WEATHER forecasters say parts of the Mid North Coast could be in for one of its wettest weeks in a year, bringing the threat of flooding.
After a fortnight of mostly sunny conditions, the rain clouds are set to form over the region this afternoon.
Weatherzone states this week could be one of the wettest along the East Coast since the deluges of March and July last year.
Emergency Services are taking heed of the warning, with concerns heavy rain may see roads, homes and properties inundated later in the week.
"The system is showing some similarities to the one in March 2011, which dumped flooding rain from the Hunter to the South Coast over three-or-four days," Weatherzone meteorologist Brett Dutschke said.
During that event more than 400mm of rain fell in parts of the Illawarra and South Coast and more than 200mm in parts of Sydney, the Central Coast and Hunter.
Wollongong had its heaviest rain in 20 years, gaining about 250mm in just 24 hours.
"This week's trough system should bring falls in excess of 100mm to an area from Tweed Heads to Merimbula by the weekend.
"The wettest area looks like being between Port Macquarie and Nowra and some areas are a chance to accumulate more than 300mm by the weekend, more than double the monthly average.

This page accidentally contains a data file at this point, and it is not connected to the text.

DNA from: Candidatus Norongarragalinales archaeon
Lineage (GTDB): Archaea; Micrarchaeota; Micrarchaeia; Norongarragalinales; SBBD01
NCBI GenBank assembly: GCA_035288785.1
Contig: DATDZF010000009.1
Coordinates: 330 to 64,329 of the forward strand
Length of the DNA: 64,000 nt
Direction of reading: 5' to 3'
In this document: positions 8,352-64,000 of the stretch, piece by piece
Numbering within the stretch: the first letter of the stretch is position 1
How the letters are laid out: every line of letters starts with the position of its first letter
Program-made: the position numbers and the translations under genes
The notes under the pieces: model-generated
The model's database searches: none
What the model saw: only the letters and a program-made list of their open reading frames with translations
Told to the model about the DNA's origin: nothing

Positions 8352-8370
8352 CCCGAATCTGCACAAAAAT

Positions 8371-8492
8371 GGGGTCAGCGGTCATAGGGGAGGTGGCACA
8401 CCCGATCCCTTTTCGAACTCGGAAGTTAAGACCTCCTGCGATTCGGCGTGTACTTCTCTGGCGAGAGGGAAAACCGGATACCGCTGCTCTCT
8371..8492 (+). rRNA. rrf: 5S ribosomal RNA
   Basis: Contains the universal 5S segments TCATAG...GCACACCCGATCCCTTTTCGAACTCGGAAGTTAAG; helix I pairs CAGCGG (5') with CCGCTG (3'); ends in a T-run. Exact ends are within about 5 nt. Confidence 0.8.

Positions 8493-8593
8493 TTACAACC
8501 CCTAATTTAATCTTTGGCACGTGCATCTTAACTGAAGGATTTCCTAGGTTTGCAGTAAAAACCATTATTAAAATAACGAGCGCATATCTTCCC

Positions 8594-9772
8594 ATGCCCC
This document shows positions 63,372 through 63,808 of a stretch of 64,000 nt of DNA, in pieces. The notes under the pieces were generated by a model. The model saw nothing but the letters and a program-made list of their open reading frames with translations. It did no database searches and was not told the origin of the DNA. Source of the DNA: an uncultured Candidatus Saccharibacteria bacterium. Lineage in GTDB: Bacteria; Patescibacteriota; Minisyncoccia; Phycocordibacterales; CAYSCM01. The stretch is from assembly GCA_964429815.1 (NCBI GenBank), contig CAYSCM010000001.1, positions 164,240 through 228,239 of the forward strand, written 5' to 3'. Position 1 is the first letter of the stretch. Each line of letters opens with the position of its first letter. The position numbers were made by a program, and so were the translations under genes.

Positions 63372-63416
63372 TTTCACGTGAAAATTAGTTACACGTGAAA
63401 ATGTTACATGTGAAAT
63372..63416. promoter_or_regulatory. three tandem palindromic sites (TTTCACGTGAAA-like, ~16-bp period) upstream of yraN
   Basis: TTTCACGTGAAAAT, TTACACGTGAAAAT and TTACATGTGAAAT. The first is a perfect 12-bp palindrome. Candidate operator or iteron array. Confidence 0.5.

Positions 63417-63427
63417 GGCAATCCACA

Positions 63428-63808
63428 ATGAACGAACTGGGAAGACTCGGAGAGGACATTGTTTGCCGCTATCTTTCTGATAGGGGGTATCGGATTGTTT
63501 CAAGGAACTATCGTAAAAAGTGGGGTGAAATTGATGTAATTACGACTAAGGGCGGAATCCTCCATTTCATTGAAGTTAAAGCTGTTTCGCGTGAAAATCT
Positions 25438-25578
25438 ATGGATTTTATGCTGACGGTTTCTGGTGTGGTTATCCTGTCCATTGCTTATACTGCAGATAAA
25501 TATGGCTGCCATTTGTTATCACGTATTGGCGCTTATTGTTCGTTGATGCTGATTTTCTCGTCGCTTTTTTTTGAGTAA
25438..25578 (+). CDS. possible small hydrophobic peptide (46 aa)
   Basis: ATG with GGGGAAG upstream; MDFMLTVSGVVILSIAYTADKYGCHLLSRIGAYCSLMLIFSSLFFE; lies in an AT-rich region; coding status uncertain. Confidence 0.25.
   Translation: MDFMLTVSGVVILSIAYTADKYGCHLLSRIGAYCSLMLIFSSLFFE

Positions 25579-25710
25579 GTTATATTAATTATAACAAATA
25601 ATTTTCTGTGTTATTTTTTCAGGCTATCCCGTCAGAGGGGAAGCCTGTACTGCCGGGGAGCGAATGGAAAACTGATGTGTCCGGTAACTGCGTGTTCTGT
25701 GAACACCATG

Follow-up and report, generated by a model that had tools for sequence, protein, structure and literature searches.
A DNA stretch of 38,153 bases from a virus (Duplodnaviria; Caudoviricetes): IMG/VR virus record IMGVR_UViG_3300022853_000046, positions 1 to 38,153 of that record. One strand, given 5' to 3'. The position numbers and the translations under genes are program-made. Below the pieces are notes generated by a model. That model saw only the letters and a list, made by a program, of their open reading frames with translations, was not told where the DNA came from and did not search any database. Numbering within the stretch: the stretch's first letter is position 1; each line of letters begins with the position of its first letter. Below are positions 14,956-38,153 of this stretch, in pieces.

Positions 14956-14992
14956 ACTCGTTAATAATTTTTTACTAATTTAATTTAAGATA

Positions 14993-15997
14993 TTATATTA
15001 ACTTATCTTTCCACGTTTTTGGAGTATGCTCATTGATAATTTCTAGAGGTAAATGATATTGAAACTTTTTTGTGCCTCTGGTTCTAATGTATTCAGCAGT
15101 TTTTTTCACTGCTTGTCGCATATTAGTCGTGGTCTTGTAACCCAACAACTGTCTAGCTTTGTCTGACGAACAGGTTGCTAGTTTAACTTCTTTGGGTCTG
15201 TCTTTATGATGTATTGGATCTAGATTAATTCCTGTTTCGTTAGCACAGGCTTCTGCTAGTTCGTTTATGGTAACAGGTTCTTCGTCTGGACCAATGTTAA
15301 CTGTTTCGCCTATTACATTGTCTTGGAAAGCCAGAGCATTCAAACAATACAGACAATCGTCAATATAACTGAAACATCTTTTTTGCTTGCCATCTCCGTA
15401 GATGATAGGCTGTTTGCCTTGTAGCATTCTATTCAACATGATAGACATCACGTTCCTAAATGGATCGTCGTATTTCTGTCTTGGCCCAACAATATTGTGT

Showers and storms are already affecting the northeast of the state and are becoming more frequent as a low pressure trough forms over the region.
Newcastle picked up 23mm of rain overnight, its heaviest fall in two months.
"Over the coming few days this trough will deepen just offshore and slide slowly south, taking bursts of heavy rain with it. It will be fuelled by warmer-than-average seas," Mr Dutschke said.
"From Friday some drying out will occur, initially in the north and later in the south, but it won't be long before rain returns.
"There will only be about one day's break from the rain before another trough moves in from the west and brings another burst. Thankfully that rain will only be relatively brief and light. Most of it should fall over inland NSW, mainly the north, where it has been fairly dry in the last couple of months.
"Looking ahead deeper into autumn and winter, the chance of flooding rain is reduced. This is largely due to cooling waters and a neutral phase taking over from La Nina, which has only recently ended," Dutschke said
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